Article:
Dear Secretary of State Department/ Michael Gove
Re: Ratcliffe on Soar EfW incinerator – Planning application ES/4154 – Moratorium on incinerators urgently needed.
I am calling on you to action an urgent review on waste management to investigate projected significant over capacity of Energy from Waste (EfW) incineration in England in light of predicted reductions in residual waste expected due to new legislation and waste reduction targets going forward. There should be a moratorium on new incinerators until the review determines if any more incineration capacity will be needed locally or nationally.
Nottinghamshire County Council recently approved the planning application for the Energy from Waste (EfW) incinerator at Ratcliffe on Soar (RonS). It has been referred to you for further scrutiny as it has wider implications than being purely a local issue. Please consider a moratorium on new incinerators because there are far too many incinerators proposed to be built in England. There is a considerable body of evidence showing that, should we reach our recycling targets, there will be significant overcapacity of incineration facilities in England.
Evidence that a waste review is needed
There are constant updates on legislation and recommendations to combat climate change and waste is a prime consideration. In the latest “Consultation on Environmental Targets” published on March 18th 2022 the UK Government announced a target of “halving the waste that ends up at landfill or incineration by 2042”.
Current estimations for residual waste are around 30million tons per annum (mtpa) by 2035 if we continue with current rates (taken from the “Our Waste, Our Resources: A Strategy for England – Evidence Annex p77). Halve this and we will have 15mtpa – possibly slightly more by 2042 due to population growth? Current capacity for incineration including capacity from new incinerators currently under construction (including the one at Shepshed – just one junction down the M1 from Ratcliffe on Soar) is just under 19mtpa. Overcapacity of 4mtpa already, without the many more incinerators at similar stage in the planning process as the RonS incinerator.
We already have enough incinerators to cope with residual waste without building more incinerators so there should be an urgent review of capacity to ensure that lots of money is not wasted on building something that will discourage meeting waste reduction targets that are essential if we are serious about tackling climate change.
Energy from Waste incinerators are not low carbon – incineration of waste typically emits one ton of CO2 for every ton of waste and cannot be considered low carbon. They are also very inefficient energy producers – only around 20% for electricity production. From a carbon emission perspective EfW is possibly as bad as coal, much worse than gas and that is on top of the terrible air pollution problems associated with burning rubbish (asthma, leukaemia etc.).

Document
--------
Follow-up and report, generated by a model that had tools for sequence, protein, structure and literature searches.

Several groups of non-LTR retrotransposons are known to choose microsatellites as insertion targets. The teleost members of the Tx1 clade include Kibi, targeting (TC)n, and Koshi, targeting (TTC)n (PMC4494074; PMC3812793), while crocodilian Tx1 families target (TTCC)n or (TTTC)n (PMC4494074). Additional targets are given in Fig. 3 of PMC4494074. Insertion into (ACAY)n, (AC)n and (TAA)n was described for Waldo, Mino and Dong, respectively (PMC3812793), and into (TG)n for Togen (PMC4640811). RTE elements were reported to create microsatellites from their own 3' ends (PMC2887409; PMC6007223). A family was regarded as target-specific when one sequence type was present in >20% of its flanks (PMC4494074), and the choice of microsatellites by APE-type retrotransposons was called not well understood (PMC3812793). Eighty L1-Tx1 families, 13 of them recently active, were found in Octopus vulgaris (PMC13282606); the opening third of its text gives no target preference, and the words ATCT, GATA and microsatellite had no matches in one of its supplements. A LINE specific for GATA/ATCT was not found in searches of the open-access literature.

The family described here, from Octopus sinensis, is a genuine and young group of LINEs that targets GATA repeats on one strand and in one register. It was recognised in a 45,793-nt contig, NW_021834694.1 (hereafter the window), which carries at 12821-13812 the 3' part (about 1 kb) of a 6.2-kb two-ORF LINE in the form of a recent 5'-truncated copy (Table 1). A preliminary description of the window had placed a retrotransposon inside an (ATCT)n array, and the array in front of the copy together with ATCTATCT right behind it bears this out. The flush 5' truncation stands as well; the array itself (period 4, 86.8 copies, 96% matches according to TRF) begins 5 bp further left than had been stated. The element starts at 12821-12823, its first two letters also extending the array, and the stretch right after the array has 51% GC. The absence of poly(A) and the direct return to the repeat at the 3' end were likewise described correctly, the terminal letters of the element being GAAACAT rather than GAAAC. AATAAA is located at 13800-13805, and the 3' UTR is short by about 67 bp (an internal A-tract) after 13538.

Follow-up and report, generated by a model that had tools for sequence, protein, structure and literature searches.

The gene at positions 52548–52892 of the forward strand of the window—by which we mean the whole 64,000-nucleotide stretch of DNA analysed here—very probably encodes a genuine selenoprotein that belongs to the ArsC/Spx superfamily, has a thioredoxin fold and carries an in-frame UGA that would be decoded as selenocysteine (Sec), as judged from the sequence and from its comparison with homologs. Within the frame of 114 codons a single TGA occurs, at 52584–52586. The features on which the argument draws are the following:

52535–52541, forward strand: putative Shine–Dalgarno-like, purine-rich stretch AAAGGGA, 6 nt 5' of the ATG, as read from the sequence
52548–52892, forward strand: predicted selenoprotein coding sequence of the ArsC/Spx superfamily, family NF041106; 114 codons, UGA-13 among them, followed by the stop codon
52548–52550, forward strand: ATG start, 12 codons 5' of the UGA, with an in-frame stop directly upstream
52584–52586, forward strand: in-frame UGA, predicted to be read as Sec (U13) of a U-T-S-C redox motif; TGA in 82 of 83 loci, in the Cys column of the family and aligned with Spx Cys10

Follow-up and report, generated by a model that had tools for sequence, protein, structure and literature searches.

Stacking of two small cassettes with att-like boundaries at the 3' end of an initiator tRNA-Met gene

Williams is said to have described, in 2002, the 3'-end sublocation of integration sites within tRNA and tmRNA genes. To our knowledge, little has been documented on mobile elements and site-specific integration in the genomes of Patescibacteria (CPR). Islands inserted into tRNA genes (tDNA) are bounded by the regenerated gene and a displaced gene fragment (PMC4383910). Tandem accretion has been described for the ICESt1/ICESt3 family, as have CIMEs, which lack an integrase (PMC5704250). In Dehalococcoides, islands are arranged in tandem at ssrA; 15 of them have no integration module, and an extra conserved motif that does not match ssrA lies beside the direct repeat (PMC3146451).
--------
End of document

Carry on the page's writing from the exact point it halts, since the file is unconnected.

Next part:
We should be avoiding incinerating waste as much as possible by reduce, re-use, recycle and with food waste soon to be collected separately for anaerobic digestion (to produce biogas and compost etc.) we should easily achieve our recycling targets of 65% by 2030. Local predictions are that there will be overcapacity of incineration facilities if we reach 65% recycling by 2038 (see Local Waste Needs assessment Jan 2022 from Nottinghamshire County Council Waste Local plan p41). Both locally and nationally there are predictions of overcapacity of EfW incineration facilities.
Wales already has a moratorium on incinerators and has already reached 65% recycling.
To avoid significant overcapacity of incineration facilities in England we need an urgent review of predicted residual waste and the capacity required for incineration facilities going forward. This is essential to avoid both unnecessary expenditure on building incinerators which will no longer be needed and risk of potential legal costs/compensation claims from companies which have invested lots of money to build these facilities only to find they are not now required.
Please call in this planning application as it will contribute to incineration overcapacity if it goes ahead. Please also consider a general moratorium on incinerators until a comprehensive review of waste needs assessment nationally has determined the future capacity required for incineration in England.
Thank you for your attention
Dear Susan Edwards
Thank you for your email of 22 March about the above planning application and national waste management policy.
Nottinghamshire County Council referred the planning application to the Secretary of State under the Town and Country Planning (Consultation) (England) Direction 2009 on 9 March. The Secretary of State is very selective about calling in applications and in this case it was decided that he should not intervene. He was content that the application should be determined by the council. I have enclosed a copy of the decision letter sent to the council on 21 March for your information.
In respect of your comments about waste management policy, as the Department for Environment, Food and Rural Affairs are responsible for this, we will forward your email and ask them to respond to you direct.